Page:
Tidbits - October 8, 2020

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(Photo by Dibbie Shealy)


  This has been a “drive-thru” year, and I don’t mean fast food ... well, I guess that counts, too, come to think about it.
  I guess I’ve been to over ten drive-thru or drive-up events so far in 2020.
  My first drive-thru was my great niece Hannah Bowdler’s fourth birthday in April and my latest was my Aunt Christine Crouch Shealy’s 100th!!!
  It was billed as a “surprise,” but Aunt Teenie was bound to figure out something was going on when she came out of her house and saw all the cars across from her house in the SNC parking lot, and deputies at the end of her drive-way to direct traffic.
  The previous birthday drive-thrus I’ve been to were for children. We’d wave, hand them our presents, and drive off.
  Aunt Teenie’s was a lot slower, because she had to talk to every occupant of the cars that came through. When you’re 100, you have the right to do that.
  When I got there she talked about the lemon and chocolate pies from our past.
  When Jamie and I were children, we spent the day with Aunt Teenie and Uncle Julius’ youngest son, Eddie.
  At lunchtime, Aunt Teenie asked us “Do you want chocolate pie or lemon pie for dessert?”
  We excitedly gave her our answer, then she said, “Well, I don’t have either one.”
  We turned that “disappointment” into something to laugh about for 60 years.
  Saturday, Aunt Teenie reminded me she finally made me both those pies 50 years later. I think it was far my 60th birthday, which meant she was only 91 at the time.
  She baked a lemon pie and a chocolate pie and cut them in half. She took out half the lemon pie, then put in half the chocolate pie. Then she sprinkled the top with graham cracker crumbs, so I couldn’t see the slice.
  I was amazed when I cut it to find I had half a lemon and half a chocolate pie. It took 50 years, but it was good.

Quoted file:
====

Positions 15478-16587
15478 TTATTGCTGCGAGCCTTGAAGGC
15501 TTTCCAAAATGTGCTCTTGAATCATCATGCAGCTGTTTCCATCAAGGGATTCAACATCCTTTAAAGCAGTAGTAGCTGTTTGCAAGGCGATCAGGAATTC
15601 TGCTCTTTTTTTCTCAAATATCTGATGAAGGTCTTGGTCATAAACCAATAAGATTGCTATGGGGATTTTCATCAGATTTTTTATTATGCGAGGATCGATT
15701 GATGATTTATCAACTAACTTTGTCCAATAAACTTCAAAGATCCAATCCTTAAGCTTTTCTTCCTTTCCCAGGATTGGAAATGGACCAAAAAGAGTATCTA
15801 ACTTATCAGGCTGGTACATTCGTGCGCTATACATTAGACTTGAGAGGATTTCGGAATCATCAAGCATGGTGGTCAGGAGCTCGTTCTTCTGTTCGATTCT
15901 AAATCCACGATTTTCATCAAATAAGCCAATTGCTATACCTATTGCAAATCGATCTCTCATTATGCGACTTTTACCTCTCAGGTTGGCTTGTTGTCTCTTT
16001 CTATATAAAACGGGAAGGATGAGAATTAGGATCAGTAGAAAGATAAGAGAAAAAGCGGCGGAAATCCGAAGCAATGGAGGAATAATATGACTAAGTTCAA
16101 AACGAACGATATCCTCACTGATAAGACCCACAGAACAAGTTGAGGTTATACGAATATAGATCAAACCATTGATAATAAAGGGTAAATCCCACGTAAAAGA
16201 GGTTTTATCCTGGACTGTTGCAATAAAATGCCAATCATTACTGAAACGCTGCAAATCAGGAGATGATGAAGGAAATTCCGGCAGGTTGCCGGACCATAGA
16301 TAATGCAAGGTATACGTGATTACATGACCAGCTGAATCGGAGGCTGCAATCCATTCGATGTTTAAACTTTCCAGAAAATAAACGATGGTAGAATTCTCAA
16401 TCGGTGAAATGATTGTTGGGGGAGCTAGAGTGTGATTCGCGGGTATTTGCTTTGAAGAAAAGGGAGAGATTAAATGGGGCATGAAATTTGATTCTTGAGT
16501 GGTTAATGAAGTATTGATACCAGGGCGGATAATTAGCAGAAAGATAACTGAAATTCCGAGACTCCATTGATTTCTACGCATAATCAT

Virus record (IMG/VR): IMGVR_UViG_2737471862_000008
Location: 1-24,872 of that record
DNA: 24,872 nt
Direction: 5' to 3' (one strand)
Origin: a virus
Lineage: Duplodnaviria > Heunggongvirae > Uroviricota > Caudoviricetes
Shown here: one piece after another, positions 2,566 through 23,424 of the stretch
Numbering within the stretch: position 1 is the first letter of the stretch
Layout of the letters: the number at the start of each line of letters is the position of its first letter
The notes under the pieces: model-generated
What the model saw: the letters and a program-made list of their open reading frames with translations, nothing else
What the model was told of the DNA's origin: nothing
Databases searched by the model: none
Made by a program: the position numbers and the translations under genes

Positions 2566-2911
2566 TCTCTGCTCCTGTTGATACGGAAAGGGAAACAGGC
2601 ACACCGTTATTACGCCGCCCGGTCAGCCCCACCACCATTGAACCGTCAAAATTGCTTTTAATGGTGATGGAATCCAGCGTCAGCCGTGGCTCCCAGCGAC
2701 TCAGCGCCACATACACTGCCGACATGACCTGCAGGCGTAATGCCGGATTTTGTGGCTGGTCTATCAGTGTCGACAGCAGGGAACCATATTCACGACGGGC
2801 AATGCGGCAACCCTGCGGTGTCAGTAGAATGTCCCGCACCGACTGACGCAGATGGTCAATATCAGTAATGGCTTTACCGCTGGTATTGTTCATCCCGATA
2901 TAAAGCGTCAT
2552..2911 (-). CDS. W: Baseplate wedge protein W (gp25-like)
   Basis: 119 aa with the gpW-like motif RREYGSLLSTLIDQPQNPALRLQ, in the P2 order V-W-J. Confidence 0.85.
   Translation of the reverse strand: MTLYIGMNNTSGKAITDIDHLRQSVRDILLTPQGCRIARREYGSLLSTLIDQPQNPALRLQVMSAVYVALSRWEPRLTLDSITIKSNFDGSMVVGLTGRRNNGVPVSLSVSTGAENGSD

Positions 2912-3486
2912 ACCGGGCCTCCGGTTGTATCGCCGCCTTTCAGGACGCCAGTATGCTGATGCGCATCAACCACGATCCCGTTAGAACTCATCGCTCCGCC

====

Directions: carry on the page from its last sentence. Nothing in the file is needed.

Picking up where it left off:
When I sent Aunt Teenie a birthday card, I wrote, “Do you want a chocolate pie or a lemon pie?”
  She presided over another big event in my life, when she worked for the Selective Service and I had to go see her to register for the draft.
  I remember when the late Mrs. Lois Addy turned 100, and she told me she liked to go to Saluda Nursing Center to visit the “old people.”
  Aunt Teenie has the same sharp mind Mrs. Addy had at the century mark, and I’m sure she would visit the nursing center residents if she could.
  In the meantime, she’s Saluda County’s only 100-year-old Facebooker and emailer, I guess!
  Since we’ve returned to in-house church service, we’ve been using the prepacked wafer and juice for communion.
  Sunday, we almost returned to the old way. Our pastor, Ken Freeman, wearing gloves, served us the bread with tongs, and Terry Winn, also wearing gloves, served us the little juice glasses.
  The problem was we were all wearing masks, and from where I sit in the choir loft, it was rather amusing at times. Some tried to drink the juice through their masks, some carried their cups  back to their seats, then brought them back to the altar rail.
  It was another “make it up as we go along” pandemic moment.
  I’ll be glad when life returns to normal.

  Sometimes I never learn.
  In 47 years in this business, I know I should never list names from memory, because, invariably, I’ll leave somebody out.
  It was late last Sunday night when I finished my column, and at the end of my salute to Ronald Porter, I expressed my sympathy to Betty, Randall, Pam and Rhonda.
  Something didn’t look right, but I was tired and went to bed.
  The paper had already been printed when I saw Ronald’s obituary.
  “Oh, Lord, I left out Gwen!” Yes, I had omitted Ronald and Betty’s oldest daughter. That’s why it didn’t look right.
  I wrote an apology to Gwen on Facebook Messenger before the paper came out. The worst thing about a weekly paper is you have to wait seven days to correct a mistake.
  Through the years, I’ve accidently left names of young people out of lists in my column. Within seconds after the paper came out, I’d get calls from the mothers. Mothers take things like this personally.
  I thought I had learned my lesson. My apologies to Gwen, and any future mothers I may offend.

  Everyone around here was excited about the Top Ten 2A Saluda-Newberry game Friday, when word came down just after lunch that Newberry had covid issues and the game would have to be postponed.
  The game will be made up, hopefully, on Oct. 30.
  Carolina and Clemson and their opponents have escaped the disease so far.
  Playing ranked teams the first two weeks of the season have wreaked havoc on the Gamecocks. That’s why early cream puffs help teams get better.
  Of course, Carolina, was supposed to open with Coastal Carolina and the Chants are currently 3-0.
  Clemson has been impressive. The next opponent, Miami, has looked good.
  The virus has struck all levels of sports, but more seriously, it has struck the White House.
  If the President of the United States can get the virus,so can you and I.
  I don’t like wearing a mask, but, guess what, I’m getting used to it. Be careful.